What Qualifies for Workers’ Compensation?


If you are hurt on the job, workers' compensation is typically thought of as the first line of defense against unexpected medical and financial consequences. Knowing what types of injuries may be covered — and which may not — is essential to obtaining your full level of compensation if something should go wrong while performing job-related duties.

What Is Workers’ Compensation?

The Centers for Disease Control and Prevention (CDC) defines workers’ compensation as a “partial medical care and income protection to employees who are injured or become ill from their job.” Workers’ compensation claims include the following information:

  • The type of injury/illness
  • How the injury/illness occurred
  • The type and cost of medical care received
  • Cost or partial wage replacement
  • Number of days off work
  • Injured worker characteristics (occupation, age, gender, time at the position, etc.)

The North Carolina Industrial Commission outlines that the North Carolina Workers’ Compensation Act requires all businesses that employ three or more employees to obtain workers’ compensation insurance or qualify as self-insured employers to pay worker’s compensation benefits to their employees. This includes businesses operating as corporations, sole proprietorships, limited liability companies, and partnerships.

Work-Related Injury Causes

Work injuries can occur in any type of workplace. Recognizing common causes can help you know when to seek compensation. Common work-related injuries may be a result of the following:

  • Slip and falls: Workers may slip and fall due to wet or oily surfaces, wrinkled carpets or mats, cables, and more. Resulting injuries may include broken bones, cuts, head injuries, etc.
  • Struck or caught in machinery: Machinery that is not properly guarded or secured can cause injury to workers. Common injuries may include crushed hands, arms, severed fingers, blindness, and other harm.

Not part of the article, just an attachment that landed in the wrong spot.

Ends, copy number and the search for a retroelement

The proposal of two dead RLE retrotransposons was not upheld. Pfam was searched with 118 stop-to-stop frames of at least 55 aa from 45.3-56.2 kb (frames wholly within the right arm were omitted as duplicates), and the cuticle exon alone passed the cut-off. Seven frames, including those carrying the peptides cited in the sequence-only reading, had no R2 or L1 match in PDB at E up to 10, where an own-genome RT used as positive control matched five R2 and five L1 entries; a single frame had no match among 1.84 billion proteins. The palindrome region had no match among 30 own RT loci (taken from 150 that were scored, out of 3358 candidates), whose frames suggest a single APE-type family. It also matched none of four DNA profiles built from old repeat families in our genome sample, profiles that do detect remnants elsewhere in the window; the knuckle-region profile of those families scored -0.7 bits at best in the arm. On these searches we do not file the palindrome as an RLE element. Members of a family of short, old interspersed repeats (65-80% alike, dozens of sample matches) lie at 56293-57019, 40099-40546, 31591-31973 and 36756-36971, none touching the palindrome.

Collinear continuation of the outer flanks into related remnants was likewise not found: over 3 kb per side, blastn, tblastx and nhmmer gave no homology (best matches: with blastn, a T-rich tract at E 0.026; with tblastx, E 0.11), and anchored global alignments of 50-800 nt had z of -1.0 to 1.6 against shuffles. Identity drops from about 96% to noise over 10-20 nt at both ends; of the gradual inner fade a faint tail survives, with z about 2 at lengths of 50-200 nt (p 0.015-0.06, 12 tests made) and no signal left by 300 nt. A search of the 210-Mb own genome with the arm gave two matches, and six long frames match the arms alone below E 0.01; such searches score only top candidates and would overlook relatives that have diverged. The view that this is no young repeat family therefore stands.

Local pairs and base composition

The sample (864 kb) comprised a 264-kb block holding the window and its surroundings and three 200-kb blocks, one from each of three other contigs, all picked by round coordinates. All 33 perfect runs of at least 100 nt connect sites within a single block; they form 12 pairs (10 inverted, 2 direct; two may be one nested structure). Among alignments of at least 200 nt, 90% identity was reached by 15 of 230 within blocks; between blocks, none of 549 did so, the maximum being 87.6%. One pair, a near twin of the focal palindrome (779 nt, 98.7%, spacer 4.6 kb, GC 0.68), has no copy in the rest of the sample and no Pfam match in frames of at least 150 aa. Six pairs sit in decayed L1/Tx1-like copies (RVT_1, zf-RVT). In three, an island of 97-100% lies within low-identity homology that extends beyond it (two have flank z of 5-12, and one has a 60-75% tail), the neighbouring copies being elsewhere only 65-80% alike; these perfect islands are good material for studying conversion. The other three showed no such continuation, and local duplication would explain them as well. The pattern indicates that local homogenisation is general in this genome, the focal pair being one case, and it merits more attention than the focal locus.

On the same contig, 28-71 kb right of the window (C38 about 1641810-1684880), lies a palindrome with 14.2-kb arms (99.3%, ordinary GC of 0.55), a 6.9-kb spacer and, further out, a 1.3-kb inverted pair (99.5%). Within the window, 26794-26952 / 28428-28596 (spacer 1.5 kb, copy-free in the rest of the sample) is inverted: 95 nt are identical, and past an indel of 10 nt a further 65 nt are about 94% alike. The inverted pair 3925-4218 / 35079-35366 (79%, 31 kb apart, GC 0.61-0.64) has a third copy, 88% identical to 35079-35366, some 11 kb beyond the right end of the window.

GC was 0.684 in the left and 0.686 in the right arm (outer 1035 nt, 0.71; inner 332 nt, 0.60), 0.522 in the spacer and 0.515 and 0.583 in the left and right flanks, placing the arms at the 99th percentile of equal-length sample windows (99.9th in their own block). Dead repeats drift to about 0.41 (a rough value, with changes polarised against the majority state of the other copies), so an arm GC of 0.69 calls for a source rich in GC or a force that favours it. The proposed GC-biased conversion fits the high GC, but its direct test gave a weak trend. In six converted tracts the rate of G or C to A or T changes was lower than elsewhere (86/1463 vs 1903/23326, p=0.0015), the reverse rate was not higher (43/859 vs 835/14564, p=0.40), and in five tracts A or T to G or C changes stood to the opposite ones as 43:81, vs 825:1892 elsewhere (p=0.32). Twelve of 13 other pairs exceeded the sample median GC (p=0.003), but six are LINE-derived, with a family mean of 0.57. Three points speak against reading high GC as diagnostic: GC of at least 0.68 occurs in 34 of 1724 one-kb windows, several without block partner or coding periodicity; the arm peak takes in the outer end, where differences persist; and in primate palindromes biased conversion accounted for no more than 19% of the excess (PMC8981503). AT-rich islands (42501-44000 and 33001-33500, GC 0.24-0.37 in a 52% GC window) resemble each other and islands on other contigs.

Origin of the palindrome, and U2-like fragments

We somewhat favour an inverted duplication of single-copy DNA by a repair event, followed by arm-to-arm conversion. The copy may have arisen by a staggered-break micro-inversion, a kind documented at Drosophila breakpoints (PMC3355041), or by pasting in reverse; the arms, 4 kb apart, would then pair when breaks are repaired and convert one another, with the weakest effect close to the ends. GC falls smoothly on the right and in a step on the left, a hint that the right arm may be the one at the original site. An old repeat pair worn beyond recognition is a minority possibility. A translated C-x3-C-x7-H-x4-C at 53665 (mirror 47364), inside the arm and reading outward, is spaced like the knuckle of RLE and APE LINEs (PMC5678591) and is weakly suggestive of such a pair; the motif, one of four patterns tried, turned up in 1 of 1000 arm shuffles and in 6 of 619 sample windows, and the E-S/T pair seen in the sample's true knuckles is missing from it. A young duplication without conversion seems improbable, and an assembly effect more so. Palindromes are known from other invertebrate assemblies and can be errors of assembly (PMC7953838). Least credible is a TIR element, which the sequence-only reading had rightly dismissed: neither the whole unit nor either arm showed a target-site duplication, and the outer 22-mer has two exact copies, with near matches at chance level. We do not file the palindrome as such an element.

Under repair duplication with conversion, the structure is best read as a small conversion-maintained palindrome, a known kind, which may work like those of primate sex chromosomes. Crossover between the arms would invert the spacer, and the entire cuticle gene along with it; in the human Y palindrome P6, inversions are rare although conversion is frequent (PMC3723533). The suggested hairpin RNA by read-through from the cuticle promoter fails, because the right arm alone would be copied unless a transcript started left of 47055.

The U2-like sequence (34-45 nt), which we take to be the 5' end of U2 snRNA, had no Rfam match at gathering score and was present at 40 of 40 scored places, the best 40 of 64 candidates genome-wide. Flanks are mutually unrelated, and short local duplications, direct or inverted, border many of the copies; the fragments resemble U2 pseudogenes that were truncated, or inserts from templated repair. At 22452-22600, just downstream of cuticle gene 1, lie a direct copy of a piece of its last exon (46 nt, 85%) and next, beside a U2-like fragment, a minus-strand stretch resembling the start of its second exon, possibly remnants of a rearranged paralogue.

• Vehicle accidents: Work environments involving vehicles run the risk of employee injury. Employees may be struck by objects falling off the vehicles, run over, or fall out of the vehicle. Injuries from these accidents can include broken bones, sprains, and even death.
  • Fire and explosions: Open flames or combustible materials can severely injure workers with burns, cuts, and disfigurement. Flying debris from the explosion can also injure workers.
  • Toxic-chemical exposure: Employees can be exposed to toxic chemicals that may cause nausea, memory loss, and shortness of breath. In more severe cases burns, blindness, and cancer can occur.
  • Overexertion: Repetitive lifting, manually lifting heavy objects, and lack of breaks can cause injury to workers. Employees may experience back pain, muscle pain, and other long-term effects that inhibit work and daily activities.

Employer Responsibilities for Health & Safety

According to the Occupational Safety & Health Administration (OSHA), employers are responsible for implementing and maintaining a variety of conditions to ensure worker safety. A summary of the responsibilities includes: